Photo Credit: No silly meme this time, just lovely blue water taken by yours truly. Because I’m mean like that.
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Personal Service: Marketing and Public Relations Secret Weapon

For all the chatter about branding, reaching out, building relationships and making connections, I wonder how much of it really cuts through and matters to the paying customer.

Service and the X Factor

If two businesses are selling the same thing for comparable prices, what’s the difference maker?  That little something extra: an unexpected gift or special touch, Lagniappe we from Louisiana call it.

  • I don’t do fast food that often, but Chick-Fil-A (and their evil Chicken Minis) has always been one of my favorites. Chick-Fil-A may not have a dollar value menu like other fast food chains; it’s the employees that make an impression. Everyone is polite, well spoken, friendly and professional about doing their jobs.Just because it’s fast food, does not mean they cannot go above and beyond. During their Labor Day promotion last year, the service was fast, and then some: our food was delivered to our table, no waiting.

When Service gets Personal

What will make someone drive an extra five miles out of their way in Atlanta traffic (See also: the 6th circle of Hell) to go to one business vs. another? Quality, service and price certainly play their parts, but it’s the X factor.

I shop two wine stores in the Smyrna Vinings area of Atlanta. Wine-RedWhite

  • Smyrna World of Beverage. Large, varied selection with competitive pricing and solid service from owner Jay Wang.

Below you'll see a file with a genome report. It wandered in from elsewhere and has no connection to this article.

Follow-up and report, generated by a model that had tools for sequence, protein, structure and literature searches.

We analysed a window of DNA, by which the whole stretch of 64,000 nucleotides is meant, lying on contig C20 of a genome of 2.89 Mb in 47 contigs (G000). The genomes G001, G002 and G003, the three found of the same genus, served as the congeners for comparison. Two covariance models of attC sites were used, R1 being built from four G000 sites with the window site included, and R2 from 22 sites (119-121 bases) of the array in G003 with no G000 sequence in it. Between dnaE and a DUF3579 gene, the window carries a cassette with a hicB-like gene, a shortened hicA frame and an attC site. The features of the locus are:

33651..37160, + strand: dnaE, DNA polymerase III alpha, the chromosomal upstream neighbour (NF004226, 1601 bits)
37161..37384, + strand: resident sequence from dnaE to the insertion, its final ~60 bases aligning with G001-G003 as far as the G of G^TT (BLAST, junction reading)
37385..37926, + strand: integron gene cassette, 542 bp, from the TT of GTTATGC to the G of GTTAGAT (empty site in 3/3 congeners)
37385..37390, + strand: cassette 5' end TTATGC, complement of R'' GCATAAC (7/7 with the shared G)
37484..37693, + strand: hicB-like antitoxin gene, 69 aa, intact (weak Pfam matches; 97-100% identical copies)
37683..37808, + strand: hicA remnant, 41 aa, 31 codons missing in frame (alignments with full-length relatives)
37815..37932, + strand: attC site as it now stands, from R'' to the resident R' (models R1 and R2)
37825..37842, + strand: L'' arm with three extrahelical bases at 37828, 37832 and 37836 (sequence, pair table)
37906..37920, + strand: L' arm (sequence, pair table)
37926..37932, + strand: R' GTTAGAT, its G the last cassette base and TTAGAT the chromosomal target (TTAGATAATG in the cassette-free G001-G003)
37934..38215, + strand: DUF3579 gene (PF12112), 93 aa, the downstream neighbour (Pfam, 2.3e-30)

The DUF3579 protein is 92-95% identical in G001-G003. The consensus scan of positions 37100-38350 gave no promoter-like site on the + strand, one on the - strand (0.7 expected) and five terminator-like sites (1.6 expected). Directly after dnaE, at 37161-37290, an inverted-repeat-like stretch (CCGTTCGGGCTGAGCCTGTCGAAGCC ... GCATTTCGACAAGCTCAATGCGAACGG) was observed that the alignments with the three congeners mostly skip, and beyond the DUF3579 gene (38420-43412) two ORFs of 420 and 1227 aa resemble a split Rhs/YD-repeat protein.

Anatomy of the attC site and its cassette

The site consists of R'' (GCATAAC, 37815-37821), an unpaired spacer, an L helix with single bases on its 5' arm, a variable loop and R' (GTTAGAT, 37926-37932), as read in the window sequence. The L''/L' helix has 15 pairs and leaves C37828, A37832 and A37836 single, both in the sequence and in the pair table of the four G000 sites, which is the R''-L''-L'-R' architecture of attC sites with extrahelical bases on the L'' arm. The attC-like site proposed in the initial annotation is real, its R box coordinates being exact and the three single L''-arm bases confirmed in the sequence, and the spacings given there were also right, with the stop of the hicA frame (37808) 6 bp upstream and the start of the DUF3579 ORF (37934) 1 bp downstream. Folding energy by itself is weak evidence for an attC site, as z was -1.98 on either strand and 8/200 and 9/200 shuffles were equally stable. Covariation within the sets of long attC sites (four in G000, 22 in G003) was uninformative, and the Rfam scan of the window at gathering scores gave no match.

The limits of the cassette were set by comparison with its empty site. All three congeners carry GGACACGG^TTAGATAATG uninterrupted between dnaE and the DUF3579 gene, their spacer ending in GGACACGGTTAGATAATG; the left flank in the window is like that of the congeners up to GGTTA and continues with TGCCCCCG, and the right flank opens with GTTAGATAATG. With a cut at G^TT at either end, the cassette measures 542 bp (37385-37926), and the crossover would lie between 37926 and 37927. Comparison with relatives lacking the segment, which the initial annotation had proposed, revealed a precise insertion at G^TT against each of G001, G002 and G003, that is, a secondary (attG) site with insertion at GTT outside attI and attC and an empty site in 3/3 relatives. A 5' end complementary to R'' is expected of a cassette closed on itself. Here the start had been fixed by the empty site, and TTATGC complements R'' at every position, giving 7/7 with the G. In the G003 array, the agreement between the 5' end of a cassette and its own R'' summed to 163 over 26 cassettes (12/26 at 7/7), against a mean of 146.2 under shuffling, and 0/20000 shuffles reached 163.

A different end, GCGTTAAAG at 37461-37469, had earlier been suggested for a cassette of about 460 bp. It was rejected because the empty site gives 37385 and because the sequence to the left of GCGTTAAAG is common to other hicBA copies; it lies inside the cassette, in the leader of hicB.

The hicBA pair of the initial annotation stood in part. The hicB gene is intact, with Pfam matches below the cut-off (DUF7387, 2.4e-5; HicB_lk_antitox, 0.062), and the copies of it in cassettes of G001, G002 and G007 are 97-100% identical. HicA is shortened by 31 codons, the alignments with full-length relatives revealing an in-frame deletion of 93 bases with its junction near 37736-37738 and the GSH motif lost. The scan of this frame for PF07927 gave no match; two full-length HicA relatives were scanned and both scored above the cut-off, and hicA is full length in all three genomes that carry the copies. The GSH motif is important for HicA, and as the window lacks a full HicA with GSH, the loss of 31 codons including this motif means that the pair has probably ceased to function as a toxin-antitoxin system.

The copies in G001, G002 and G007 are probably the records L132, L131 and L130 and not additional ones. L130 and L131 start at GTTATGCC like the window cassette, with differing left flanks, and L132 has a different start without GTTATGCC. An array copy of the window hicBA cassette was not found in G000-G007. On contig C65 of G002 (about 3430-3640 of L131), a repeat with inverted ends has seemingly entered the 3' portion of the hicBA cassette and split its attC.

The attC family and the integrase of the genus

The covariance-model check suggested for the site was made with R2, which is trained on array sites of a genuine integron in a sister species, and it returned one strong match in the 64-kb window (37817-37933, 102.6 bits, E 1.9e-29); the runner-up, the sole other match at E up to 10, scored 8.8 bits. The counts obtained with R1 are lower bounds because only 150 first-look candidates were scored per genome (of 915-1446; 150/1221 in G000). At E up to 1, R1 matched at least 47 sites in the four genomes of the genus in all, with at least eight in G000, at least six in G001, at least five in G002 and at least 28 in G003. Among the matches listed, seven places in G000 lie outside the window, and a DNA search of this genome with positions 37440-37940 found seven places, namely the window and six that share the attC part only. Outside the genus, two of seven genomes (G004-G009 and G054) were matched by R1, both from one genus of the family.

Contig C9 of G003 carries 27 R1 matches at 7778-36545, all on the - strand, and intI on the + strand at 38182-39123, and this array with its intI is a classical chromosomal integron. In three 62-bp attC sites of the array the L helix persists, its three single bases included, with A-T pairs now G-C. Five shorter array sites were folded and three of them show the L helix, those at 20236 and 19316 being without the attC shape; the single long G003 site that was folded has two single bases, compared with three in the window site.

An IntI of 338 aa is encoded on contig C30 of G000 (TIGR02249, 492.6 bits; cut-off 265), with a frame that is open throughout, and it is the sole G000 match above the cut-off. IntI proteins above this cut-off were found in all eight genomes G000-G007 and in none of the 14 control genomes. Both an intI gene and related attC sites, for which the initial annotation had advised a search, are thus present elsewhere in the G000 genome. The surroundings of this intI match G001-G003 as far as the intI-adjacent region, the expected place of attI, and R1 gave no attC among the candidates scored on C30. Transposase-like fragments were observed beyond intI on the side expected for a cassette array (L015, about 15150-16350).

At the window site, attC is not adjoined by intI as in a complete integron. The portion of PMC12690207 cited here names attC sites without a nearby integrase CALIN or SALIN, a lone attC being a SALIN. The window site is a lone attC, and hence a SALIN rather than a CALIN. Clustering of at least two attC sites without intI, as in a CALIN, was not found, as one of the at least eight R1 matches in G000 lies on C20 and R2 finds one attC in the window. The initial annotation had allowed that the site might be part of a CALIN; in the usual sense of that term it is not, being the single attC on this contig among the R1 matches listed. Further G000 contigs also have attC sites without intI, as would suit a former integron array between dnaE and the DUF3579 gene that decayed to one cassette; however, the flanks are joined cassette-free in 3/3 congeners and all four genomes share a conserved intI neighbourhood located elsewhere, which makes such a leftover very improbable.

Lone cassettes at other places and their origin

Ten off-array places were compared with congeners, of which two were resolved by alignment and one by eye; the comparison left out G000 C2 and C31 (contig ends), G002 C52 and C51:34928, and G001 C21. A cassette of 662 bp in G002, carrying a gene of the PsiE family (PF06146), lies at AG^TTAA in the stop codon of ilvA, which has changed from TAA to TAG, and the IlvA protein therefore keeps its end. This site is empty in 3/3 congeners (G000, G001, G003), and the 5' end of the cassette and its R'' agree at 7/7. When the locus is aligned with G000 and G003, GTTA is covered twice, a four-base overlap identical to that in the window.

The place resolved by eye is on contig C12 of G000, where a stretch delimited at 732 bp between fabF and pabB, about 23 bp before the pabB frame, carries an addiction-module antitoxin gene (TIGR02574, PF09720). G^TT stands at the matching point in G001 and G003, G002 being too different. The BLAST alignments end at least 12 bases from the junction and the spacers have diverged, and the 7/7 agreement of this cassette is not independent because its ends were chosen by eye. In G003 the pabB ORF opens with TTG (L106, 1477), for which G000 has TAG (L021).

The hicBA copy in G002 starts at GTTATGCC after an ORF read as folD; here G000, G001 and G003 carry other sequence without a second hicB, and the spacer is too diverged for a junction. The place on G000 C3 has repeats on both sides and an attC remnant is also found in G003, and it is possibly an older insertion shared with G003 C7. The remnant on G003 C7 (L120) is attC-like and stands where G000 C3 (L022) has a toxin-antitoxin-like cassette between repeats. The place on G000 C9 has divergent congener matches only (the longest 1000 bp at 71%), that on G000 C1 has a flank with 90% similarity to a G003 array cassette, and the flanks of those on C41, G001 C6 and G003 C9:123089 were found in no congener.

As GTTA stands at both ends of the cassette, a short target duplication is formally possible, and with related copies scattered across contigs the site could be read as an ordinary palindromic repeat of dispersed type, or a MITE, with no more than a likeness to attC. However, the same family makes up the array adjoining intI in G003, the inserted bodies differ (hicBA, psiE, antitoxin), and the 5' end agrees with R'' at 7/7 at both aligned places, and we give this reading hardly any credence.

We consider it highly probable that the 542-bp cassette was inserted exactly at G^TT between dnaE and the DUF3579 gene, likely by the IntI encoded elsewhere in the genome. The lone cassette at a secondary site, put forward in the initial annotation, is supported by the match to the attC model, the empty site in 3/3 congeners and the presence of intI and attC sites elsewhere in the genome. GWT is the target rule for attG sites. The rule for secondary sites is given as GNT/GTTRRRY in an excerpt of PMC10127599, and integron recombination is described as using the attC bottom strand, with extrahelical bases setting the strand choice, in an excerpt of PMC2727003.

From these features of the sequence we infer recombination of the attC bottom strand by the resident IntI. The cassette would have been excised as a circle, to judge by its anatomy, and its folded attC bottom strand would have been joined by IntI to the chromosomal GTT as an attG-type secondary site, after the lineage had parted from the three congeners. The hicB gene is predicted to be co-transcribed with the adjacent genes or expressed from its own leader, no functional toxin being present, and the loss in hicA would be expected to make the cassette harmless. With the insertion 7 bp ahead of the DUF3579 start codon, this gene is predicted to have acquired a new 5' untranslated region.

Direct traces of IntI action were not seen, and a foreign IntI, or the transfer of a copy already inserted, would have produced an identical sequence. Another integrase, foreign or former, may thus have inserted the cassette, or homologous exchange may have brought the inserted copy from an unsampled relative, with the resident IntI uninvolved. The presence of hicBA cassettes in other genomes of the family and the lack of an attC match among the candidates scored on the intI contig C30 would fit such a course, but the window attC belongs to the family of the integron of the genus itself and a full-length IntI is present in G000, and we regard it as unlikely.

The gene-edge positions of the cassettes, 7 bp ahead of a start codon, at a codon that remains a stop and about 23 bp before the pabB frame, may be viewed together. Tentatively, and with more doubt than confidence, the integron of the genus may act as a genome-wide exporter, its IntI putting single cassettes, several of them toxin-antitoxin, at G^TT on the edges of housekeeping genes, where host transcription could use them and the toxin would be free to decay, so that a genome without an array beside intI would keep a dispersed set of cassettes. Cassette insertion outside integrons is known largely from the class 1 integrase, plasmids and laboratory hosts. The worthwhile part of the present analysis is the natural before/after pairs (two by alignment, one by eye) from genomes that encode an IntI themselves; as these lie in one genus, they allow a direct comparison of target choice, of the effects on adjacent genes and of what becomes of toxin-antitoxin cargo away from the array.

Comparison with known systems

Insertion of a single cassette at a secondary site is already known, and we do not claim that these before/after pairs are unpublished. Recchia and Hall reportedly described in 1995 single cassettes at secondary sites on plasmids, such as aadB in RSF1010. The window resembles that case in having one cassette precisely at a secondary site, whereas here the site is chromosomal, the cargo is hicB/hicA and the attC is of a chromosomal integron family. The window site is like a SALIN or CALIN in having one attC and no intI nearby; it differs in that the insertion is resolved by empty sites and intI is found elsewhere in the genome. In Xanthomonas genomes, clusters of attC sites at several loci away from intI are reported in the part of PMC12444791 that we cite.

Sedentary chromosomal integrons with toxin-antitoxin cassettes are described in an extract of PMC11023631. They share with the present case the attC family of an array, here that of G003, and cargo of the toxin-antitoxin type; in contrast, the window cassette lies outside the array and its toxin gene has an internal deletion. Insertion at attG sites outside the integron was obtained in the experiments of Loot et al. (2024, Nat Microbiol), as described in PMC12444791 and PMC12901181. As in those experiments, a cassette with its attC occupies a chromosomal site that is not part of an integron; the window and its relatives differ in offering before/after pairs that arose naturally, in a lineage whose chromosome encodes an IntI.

He makes great recommendations for affordable, second-label wines and new varietals.  More than that, Jay really likes and knows wine, and makes an effort to remember my face and my tastes when I visit.It’s a great shop just up the street, next to my local Publix and so convenient.
  • The Wine Cellars. Limited but impressive niche selection, focusing on quality wines at reasonable prices, and outstanding personal service. Owner Renee Rowe offers free wine tastings some days to give her customers a chance to try before they buy.Going a step further, Renee is developing relationships beyond the store. The other day she emailed me to let me know a couple of my favorite labels were back in stock. A simple example of personal service that will get me in my car, making more trips to see her…and spending more money in her store.

For small businesses in a harsh reality of price squeezes from big chains and competition from the Internet, the little things–the personal touch with a quick, easy and free email–make the biggest difference.

What’s your favorite example of personal service that keeps you going back for more?

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Do More for Less: Identity Packages Add Value

esign & communications freelancer, I am often asked to do projects on the cheap. Or rather deliver professional-looking projects as affordably as possible. More often than not, I am happy to oblige. Style Even the smallest business needs good marketing collateral; that's a cornerstone of my practice and I work to